Jullen Guh and Tankin (Diptych), 2018
Acrylic on canvas
61 x 152 cm
My name is Chern’ee Sutton I am 21 years old and I am a contemporary Indigenous artist from the Kalkadoon people from the Mount Isa area in Queensland. This painting is called “Jullen Guh and Tankin” in my peoples language which means “The kookaburra and the Jabiru”.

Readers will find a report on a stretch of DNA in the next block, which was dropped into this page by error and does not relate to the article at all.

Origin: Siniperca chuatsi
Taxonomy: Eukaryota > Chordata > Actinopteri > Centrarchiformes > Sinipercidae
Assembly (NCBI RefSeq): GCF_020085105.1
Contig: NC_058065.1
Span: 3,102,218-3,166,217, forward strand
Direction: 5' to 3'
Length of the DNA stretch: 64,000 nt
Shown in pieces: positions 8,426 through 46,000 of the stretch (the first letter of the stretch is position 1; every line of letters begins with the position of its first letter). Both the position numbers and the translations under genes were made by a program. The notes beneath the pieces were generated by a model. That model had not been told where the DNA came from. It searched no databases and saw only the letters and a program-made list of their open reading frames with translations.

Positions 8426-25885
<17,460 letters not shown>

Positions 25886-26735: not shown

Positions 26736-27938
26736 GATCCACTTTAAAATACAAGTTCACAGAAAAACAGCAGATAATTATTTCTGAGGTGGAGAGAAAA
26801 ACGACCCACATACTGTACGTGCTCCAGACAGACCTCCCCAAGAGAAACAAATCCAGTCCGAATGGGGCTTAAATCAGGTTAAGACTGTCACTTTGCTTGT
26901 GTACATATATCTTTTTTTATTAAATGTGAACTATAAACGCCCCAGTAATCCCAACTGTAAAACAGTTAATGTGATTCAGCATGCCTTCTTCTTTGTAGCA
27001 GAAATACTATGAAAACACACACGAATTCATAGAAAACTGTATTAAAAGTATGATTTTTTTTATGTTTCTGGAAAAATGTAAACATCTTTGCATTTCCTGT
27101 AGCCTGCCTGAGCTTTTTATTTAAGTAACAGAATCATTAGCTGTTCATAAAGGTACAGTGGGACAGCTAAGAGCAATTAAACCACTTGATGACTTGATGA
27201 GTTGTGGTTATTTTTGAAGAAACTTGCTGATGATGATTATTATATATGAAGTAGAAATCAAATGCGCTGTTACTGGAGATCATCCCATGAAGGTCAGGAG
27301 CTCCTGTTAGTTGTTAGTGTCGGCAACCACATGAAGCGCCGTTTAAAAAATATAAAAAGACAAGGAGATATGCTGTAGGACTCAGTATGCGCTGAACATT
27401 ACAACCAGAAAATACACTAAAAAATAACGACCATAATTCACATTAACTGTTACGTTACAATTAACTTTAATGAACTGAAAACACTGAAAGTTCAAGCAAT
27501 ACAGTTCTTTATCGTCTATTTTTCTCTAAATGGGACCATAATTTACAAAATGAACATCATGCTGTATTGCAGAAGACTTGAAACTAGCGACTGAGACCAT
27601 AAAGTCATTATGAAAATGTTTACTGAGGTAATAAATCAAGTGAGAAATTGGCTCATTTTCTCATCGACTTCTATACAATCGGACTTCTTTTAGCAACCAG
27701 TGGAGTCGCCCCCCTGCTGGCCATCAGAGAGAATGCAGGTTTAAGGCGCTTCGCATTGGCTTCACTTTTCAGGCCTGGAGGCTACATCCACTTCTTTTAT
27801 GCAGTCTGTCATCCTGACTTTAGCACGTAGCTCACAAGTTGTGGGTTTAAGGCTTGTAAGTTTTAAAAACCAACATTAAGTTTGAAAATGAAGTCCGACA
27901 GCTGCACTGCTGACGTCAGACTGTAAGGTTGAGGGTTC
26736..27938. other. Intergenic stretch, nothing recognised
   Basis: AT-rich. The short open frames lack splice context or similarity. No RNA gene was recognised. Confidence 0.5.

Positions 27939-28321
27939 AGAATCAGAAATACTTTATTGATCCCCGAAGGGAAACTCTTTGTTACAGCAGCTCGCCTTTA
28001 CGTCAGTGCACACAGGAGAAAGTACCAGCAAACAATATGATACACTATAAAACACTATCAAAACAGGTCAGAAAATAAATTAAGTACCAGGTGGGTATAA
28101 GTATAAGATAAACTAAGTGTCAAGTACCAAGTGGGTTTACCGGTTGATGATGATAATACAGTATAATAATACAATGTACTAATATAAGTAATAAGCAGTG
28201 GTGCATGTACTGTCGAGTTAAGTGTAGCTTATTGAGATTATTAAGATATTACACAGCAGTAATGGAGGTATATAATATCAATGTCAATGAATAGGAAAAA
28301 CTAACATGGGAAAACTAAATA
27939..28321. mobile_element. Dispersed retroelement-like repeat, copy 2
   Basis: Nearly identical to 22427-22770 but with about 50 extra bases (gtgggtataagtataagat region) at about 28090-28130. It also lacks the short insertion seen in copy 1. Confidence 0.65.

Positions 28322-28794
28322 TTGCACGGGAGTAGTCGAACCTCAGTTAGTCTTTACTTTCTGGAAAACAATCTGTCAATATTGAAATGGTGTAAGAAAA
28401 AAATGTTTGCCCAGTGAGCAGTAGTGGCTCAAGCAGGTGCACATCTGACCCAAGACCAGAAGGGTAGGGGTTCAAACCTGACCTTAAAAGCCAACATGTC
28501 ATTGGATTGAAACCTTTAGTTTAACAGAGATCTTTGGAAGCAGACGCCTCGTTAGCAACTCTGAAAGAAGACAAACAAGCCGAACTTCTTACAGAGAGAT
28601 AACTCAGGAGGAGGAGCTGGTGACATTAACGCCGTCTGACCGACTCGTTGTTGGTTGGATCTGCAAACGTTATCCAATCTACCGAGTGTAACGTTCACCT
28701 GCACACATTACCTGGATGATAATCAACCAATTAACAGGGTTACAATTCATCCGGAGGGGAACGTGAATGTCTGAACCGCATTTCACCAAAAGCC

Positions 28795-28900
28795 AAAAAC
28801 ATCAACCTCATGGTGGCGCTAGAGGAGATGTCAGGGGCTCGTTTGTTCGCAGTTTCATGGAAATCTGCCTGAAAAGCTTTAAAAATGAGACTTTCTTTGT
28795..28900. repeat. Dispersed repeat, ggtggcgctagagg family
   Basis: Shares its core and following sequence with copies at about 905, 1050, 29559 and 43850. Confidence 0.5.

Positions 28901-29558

Long long ago there lived a Jabiru stork who had the most beautiful voice of all the birds. The other birds would come and admire and listen as the Jabiru would sing to his partner for hours and hours. When he would finish singing his partner would sing back and when she had finished they would walk amongst the other birds and tell them how lucky they were to have each other with their special voices and that they were partners for life. Day after day this continued but not all the birds admired this special pair and the love they had for each other. Jullen Guh the kookaburra who could not sing himself but only clap his beak together to speak was very jealous of the Jabiru and the bond he had with his mate and so he started to think of how he could change things. That night while the Jabiru was fast asleep and the night was dark Jullen Guh crept up and with a swift blow from his beak he cut the voice box from the Jabiru and quickly flew off into the night and ate what he had stolen. The next morning when the Jabiru awoke his legs were covered in dried blood and try as he did it would not come off. Later that day when the Jabiru went to sing to his beautiful partner nothing at all came out except a clapping sound from his large beak. He was embarrassed as all the birds were asking why he wouldn’t sing but he could only answer with a clap of his beak and it was then that all the birds heard a loud laughing that they had not heard before. The Jabiru realised then that his voice box had been stolen and that it was Jullen Guh laughing at him and so he ran off into the bush with his partner. Not one to be beaten the Jabiru thought of how he could again impress his partner and it was then that he thought of a very special dance and so he and his partner practised over and over again. Now they are the best dancers of all the birds and their love for each other is stronger now than it ever was. They still often hear Jullen Guh the kookaburra laughing at them but they clap their beaks to each other and continue to dance as to this day they only dance to each other when no-one else is around and the sun glistens off their red legs.
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